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Betla National Park: A Haven of Tranquility and Wildlife in Palamu Division

Sanjay Kumar Pandey : Nestled away from the urban hustle, Betla National Park in Jharkhand’s Palamu Division is a mesmerizing expanse of vibrant, blooming flowers and serene wildlife. This sanctuary, which attracts tourists, ministers, and officials alike, is an ideal Tiger Project located 25 km from Medininagar, the district headquarters, and approximately 180 km from Ranchi, the nearest airport.

Spanning 35 square kilometers, Betla National Park offers an enchanting world where lush foliage and a gentle breeze create a unique environment. Established in 1974 under India’s Project Tiger initiative, the park provides a refuge for a diverse array of wildlife. Our journey through the park began along the banks of the Auranga River and extended to the Southern Koel River. The picturesque Kamaldah Lake, built by the Chero kings, is a highlight where we watched elephants play in the water from a treehouse veranda, their trumpeting reverberating through the jungle. As night falls, the forest comes alive with the activity of various animals. Enthusiastic tourists find an ideal setting for picnics and painting. The park, supported by seasonal rivers, features a stunning array of sal and deciduous trees and expansive bamboo groves. The sunlight filtering through the foliage illuminates the vast grasslands where herds of deer, sambar, and koiya graze fearlessly. Experienced guides informed us that during the summer, many animals, including tigers, elephants, bison, black ivory birds, and the barasingha deer, migrate to the nearby forests of Uttar Pradesh. Though the park is open to tourists year-round, the best time to visit is from September to April. The core area of the reserve, spanning 213 square kilometers, strictly prohibits any extraction of forest produce and human interference. Lucky visitors might spot tigers at the hideouts near the waterholes.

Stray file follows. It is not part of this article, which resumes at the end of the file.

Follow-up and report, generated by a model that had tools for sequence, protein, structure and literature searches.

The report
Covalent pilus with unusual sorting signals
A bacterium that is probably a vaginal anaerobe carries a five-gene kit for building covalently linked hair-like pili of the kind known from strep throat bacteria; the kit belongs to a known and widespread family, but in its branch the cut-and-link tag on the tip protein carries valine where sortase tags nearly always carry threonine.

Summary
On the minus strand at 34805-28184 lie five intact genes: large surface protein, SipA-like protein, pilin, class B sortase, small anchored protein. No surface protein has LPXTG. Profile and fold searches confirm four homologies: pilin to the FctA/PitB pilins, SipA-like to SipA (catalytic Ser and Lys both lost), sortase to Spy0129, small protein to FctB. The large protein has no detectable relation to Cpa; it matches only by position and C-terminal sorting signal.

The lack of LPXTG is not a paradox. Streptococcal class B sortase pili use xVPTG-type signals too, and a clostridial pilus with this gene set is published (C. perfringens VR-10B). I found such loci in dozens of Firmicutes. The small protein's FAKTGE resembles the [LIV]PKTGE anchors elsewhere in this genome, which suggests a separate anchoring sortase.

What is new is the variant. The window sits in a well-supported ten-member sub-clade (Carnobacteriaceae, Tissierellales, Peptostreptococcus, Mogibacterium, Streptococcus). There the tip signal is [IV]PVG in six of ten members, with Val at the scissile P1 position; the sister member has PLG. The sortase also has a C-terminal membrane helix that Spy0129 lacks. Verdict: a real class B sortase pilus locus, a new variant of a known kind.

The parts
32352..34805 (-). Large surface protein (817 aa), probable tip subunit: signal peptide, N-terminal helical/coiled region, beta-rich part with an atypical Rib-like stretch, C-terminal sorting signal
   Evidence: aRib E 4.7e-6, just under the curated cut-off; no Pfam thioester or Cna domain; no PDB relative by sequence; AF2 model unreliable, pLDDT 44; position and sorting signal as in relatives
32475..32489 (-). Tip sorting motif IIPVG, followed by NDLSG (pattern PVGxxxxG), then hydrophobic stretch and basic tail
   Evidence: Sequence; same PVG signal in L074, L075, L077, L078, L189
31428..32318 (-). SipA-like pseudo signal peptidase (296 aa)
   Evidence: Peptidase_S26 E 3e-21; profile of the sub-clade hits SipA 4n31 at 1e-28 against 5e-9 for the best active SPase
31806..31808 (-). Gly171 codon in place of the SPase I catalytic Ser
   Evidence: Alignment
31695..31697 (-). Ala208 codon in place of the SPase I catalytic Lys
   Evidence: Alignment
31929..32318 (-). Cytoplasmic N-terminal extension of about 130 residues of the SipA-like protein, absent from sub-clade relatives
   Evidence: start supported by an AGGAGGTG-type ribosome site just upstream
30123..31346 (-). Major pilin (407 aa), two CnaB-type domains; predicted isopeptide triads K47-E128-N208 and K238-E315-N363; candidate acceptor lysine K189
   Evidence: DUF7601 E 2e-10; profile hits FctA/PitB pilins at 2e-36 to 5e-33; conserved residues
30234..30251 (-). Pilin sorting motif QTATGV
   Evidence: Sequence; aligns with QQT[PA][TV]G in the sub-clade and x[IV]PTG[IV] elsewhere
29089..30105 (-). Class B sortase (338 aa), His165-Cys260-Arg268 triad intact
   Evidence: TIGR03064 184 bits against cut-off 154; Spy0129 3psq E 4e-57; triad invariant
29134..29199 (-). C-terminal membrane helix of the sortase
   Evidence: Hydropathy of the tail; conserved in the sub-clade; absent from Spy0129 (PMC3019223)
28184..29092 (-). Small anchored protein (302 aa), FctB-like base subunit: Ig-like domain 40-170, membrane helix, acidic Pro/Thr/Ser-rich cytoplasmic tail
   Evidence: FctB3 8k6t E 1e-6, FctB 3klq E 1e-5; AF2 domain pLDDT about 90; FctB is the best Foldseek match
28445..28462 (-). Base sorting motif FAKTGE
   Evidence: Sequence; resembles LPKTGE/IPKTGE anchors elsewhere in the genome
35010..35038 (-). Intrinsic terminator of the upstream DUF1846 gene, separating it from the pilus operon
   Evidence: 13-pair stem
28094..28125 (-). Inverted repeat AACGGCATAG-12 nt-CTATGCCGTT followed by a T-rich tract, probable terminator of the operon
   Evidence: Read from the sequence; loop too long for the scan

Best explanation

Betla National Park is home to tigers, leopards, elephants, buffaloes, chitals, sambars, wild boars, nilgai, jackals, wolves, foxes, langurs, macaques, wild dogs, bears, and rabbits. The park also boasts around 150 bird species and 15 snake species. The sight of grazing bison pairs is common in the park’s interior. Several initiatives have been underway to enhance the park’s allure for a long time. The chital breeding season continues throughout the year, with the entire forest fragrant with blooming sal flowers in April and May. The nighttime symphony of crickets adds to the visitors’ delight. The forest department provides a jeep for park tours, available at a fixed rate. Just outside Betla Park, a museum displays skeletal structures, a giant elephant skull, and various weapons. Snakes are also prominently featured. Historically, the Betla forest area was under the control of the Chero kings during the medieval period. Along the Auranga River lies the historic Medinirai Fort, once a symbol of grandeur but now a relic telling tales of the past. To counter persistent Mughal invasions, a strong palace was constructed on a high hill by the river. After touring Betla Sanctuary, visitors often stop at this fort, located 5 km from the park. It’s said that during an attack, the British forces failed to breach the fort’s robust walls. Entry to the fort is through three large gates known as Singh Dwar. Inside, the ruins of the royal court, council hall, residential quarters, temple, royal palace, queen’s quarters, and a stepwell evoke the grandeur of a bygone era

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